Jewfish range in color from dark to chocolate brown. Some individuals carry faint, pale blotches or spots along the sides. The fins are generally darker in color than the body. The diet includes crabs and fish. It is an ambush hunter and will probably eat just about anything it can catch. An indiscriminant diet might account for its tremendous size. In Texas, individuals weighing between 200 to 300 pounds are not uncommon although most average between 40 to 120 pounds. Individuals weighing more than 650 pounds have been recorded. Preferred habitat is around jetties, underwater structures such as oil platforms and shipwrecks or anywhere it can find a secluded hiding spot. The jewfish’s size and its tendency to retreat under shelter once hooked make it extremely difficult to land. This challenge makes the species very popular with anglers and spearfishers alike. Jewfish respond well to large baitfish and cut bait such as stingray. Jewfish are good table fare but are sometimes coarse. Nassau Grouper Epinephelus striatus The Nassau grouper is pale olive-gray in color with a lighter colored underbelly. Some individuals exhibit irregular dark bars on the body. Most have a saddle-shaped splotch just forward of the tail. The Nassau has the noteworthy ability to change color from the later to solid grayish-white. It has a bass-like body and averages between 5 to 10 pounds in weight. Its diet consists of fish. It is rare in Texas waters, but when it is found it is usually around oil platforms, rough structures and deep water reefs. Because of its rarity, it is not often targeted by anglers.
Rock Hind Epinephelus adscensionis Also known as the calico grouper or measles grouper, the rock hind is a small grouper averaging less than one pound and measuring 15 inches or less. Color varies but most individuals are olive with pale to white splotches covering the body. These are intermingled with red to reddishbrown spots that cover not only the body but the fins as well. The forward dorsal fin has 11 spines; the latter 16 soft rays. Rock hinds live in deep water in and around reefs and other rough structures. Their diet includes crabs and fish. Rock hinds are not generally targeted by Texas anglers because of their small size and their wariness to take bait. Rock hinds are considered edible.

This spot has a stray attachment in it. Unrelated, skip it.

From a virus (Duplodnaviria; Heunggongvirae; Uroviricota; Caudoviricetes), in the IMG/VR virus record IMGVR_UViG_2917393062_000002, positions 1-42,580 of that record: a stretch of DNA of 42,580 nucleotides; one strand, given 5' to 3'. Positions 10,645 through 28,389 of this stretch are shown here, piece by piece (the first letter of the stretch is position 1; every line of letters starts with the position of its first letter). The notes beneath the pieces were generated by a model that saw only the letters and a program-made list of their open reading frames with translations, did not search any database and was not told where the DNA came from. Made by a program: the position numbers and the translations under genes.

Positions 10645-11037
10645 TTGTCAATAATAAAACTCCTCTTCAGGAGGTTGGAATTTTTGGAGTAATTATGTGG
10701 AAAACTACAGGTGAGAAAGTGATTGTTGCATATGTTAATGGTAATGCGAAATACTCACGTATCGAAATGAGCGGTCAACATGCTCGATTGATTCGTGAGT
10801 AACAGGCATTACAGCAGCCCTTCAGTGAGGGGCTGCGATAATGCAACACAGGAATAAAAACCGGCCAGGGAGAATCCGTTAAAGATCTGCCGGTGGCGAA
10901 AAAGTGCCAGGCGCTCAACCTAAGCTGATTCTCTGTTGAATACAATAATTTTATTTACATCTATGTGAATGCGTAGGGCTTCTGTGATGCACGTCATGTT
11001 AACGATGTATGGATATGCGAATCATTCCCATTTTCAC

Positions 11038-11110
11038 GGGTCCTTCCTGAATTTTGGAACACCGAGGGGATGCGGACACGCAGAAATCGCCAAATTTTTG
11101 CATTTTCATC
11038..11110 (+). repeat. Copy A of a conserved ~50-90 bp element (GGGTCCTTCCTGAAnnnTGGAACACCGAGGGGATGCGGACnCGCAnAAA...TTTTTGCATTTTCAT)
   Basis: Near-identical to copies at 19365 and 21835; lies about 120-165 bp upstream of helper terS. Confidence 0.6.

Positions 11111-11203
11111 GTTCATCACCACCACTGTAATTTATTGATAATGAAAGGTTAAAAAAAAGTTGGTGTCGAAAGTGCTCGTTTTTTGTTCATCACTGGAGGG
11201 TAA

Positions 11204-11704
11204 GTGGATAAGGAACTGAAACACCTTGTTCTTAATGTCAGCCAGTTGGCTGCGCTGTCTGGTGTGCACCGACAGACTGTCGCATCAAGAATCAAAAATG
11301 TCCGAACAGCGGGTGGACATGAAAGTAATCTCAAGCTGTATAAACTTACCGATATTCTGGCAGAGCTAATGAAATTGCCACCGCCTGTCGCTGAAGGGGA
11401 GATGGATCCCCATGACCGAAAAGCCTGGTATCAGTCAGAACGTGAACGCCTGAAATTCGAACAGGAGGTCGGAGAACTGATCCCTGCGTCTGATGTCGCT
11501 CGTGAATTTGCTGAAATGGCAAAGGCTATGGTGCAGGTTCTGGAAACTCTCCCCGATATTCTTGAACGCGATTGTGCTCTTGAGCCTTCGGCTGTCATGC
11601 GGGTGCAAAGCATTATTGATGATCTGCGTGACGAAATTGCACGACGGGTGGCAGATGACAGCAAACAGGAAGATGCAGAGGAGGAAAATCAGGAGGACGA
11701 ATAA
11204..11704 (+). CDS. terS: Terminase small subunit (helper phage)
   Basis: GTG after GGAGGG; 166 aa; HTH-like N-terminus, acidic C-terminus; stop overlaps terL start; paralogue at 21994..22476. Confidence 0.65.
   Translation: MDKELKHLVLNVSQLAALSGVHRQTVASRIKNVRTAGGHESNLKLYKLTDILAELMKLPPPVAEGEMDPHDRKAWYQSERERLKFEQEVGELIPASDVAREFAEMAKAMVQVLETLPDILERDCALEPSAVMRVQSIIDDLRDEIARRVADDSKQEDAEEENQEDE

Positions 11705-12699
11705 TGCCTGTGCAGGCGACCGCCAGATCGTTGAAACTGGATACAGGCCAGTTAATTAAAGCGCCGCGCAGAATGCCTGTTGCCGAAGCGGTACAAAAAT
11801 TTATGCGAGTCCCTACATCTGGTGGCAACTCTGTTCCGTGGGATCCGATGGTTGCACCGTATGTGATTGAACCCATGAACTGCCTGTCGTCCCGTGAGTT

Scamp Mycteroperca phenax Scamp are grayish-brown to tan in color with darker shading along the back and upper sides. Some individuals exhibit darker colored spots along the sides, tail and dorsal fins. It averages between 5 to 10 pounds in weight and between 24 to 30 inches in length. Individuals weighing upwards of 28 pounds have been recorded. It is a deep water fish and, although not very plentiful, can be found in Texas waters year-round. Habitat is on and around snapper banks and underwater structures such as oil platforms and sunken debris. Its diet consists of fish and crustaceans. Scamp fight hard once hooked but quickly succumb to pressure changes when brought toward the surface. They are considered excellent table fare.